When I'm browsing for books (not looking for a specific title or author, but just wandering the bookshop aisles rapturously), first it's up to the cover to catch my eye. It may be the colors, or the artwork, or the words, or all of it together. Next I look at the price. I'm a sucker for a cheap book, and it's pretty unusual for me to pay full price. Then I read the back cover (or the inside flap--wherever the blurb is to be found).
If the book has passed all of these tests to my satisfaction, the last challenge is the Random Text Selection. I open the book to a page decided by fate (though I assiduously avoid the ending--even endings of chapters--in hopes of dodging spoilers) and sample the prose style. This is mainly to ensure that the writing doesn't suck. I've ruled out book purchases thanks to this sucky-writing-avoidance technique, and in the best cases I am then even more eager to read the book so I can put what I've just read into context.
Once I've made my choice to buy a book, I feel like I generally have a pretty good idea about what sort of book it is, even if I don't know much about the story or what direction it will go.
I applied all of my usual methods to This is How. And somehow I came away from Books-A-Million with this book and the idea that it was comedy. I thought it was a parody of a self-help book. I thought it mocked the dire situations people can find themselves in.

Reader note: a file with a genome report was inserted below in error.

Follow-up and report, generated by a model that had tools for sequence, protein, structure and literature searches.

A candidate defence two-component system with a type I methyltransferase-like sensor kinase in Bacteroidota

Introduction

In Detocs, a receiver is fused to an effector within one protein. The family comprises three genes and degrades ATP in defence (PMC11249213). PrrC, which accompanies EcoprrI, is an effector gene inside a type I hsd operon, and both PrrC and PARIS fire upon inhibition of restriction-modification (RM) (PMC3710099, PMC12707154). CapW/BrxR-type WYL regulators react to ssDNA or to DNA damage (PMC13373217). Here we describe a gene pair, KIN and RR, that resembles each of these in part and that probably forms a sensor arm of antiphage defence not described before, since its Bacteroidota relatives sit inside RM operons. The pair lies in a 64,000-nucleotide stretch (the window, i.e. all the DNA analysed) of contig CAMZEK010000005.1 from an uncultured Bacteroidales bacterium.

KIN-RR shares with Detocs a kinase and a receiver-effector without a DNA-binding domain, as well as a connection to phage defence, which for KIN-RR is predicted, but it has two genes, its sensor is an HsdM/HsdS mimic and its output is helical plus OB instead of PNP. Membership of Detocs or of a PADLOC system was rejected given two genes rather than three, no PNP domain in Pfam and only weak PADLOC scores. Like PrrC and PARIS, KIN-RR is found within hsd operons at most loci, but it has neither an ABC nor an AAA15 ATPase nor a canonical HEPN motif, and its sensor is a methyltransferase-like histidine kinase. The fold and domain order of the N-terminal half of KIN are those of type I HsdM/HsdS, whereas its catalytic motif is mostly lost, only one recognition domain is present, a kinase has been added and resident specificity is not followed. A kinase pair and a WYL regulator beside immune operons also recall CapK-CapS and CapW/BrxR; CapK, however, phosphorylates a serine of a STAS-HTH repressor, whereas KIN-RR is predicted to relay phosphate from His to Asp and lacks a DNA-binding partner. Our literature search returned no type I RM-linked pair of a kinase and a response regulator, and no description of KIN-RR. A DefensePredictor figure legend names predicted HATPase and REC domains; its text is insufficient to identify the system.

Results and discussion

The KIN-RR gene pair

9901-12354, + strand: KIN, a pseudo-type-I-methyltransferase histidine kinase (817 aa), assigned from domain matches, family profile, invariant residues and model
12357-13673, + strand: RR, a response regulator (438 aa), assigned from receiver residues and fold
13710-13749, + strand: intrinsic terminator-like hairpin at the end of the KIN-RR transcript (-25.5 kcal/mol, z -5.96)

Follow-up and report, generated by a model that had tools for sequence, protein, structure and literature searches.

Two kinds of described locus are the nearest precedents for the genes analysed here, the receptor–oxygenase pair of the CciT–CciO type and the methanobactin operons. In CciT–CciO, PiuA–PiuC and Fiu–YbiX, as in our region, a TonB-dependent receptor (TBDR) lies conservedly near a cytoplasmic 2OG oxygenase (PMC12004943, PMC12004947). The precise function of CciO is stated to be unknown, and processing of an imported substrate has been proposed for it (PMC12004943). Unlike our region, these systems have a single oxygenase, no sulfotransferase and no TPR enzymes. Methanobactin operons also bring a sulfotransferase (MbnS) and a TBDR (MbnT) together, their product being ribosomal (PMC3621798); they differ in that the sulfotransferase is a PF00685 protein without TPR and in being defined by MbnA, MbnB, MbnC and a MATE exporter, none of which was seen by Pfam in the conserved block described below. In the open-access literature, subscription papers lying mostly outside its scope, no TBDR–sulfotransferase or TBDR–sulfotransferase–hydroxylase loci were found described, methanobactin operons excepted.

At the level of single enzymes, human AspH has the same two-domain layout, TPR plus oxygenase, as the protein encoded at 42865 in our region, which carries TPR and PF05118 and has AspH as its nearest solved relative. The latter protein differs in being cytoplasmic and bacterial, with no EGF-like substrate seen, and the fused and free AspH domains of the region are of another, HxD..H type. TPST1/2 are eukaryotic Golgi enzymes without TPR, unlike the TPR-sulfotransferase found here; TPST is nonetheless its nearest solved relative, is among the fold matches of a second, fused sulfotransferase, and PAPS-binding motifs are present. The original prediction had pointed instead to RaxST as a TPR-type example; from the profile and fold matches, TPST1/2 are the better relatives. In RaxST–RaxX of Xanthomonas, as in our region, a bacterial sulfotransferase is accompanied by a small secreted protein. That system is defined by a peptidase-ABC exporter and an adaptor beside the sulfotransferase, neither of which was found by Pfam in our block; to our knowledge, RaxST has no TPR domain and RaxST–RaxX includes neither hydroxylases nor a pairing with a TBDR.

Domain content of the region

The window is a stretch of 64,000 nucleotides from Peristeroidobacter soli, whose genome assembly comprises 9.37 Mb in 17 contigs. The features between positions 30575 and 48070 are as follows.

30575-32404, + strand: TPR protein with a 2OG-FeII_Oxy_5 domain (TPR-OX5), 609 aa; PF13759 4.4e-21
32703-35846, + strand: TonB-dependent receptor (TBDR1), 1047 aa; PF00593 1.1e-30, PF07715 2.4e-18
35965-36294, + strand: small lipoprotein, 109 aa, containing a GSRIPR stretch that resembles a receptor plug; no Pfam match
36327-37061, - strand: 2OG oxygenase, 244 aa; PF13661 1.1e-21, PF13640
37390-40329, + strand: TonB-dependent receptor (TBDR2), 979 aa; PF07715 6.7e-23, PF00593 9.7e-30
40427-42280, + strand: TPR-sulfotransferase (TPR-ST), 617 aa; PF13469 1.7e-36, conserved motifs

I was wrong.
This is really and truly a self-help book. I'm sure the cover should have revealed that fact to me--it's pretty plain there--but I thought it was a sarcastic representation.
So, expectations aside, what did I think of this book? I tend not to appreciate self-help books. I may have an unnecessarily negative view of them, but it seems to me that the majority are very repetitive (to the point that they could easily be distilled into a motivational poster) with an annoyingly and cloyingly perky attitude. Not to mention that they often seem to be full of crap.
This is How is neither easily distilled nor perky. What it has to say is varied and unique. It actually seems to contain some fairly good advice. AND it is humorous in bits, in that dry sarcastic sense that I remember from Running With Scissors. Only problem is that I'm not in any of the horrible situations described in it, and by the time that I am, I won't be able to remember the advice.
I don't necessarily regret reading this book; it was interesting, and it went by quickly. But, had I recognized it for what it was, I probably never would have bought it, despite its low price and old-West-snake-oil-salesman title font. I should have listened to my husband, who frowned and said, "That's for people who aren't happy." Maybe I would have listened to him if the edition I held had this cover, which looks much more faithful to its contents, if you ask me: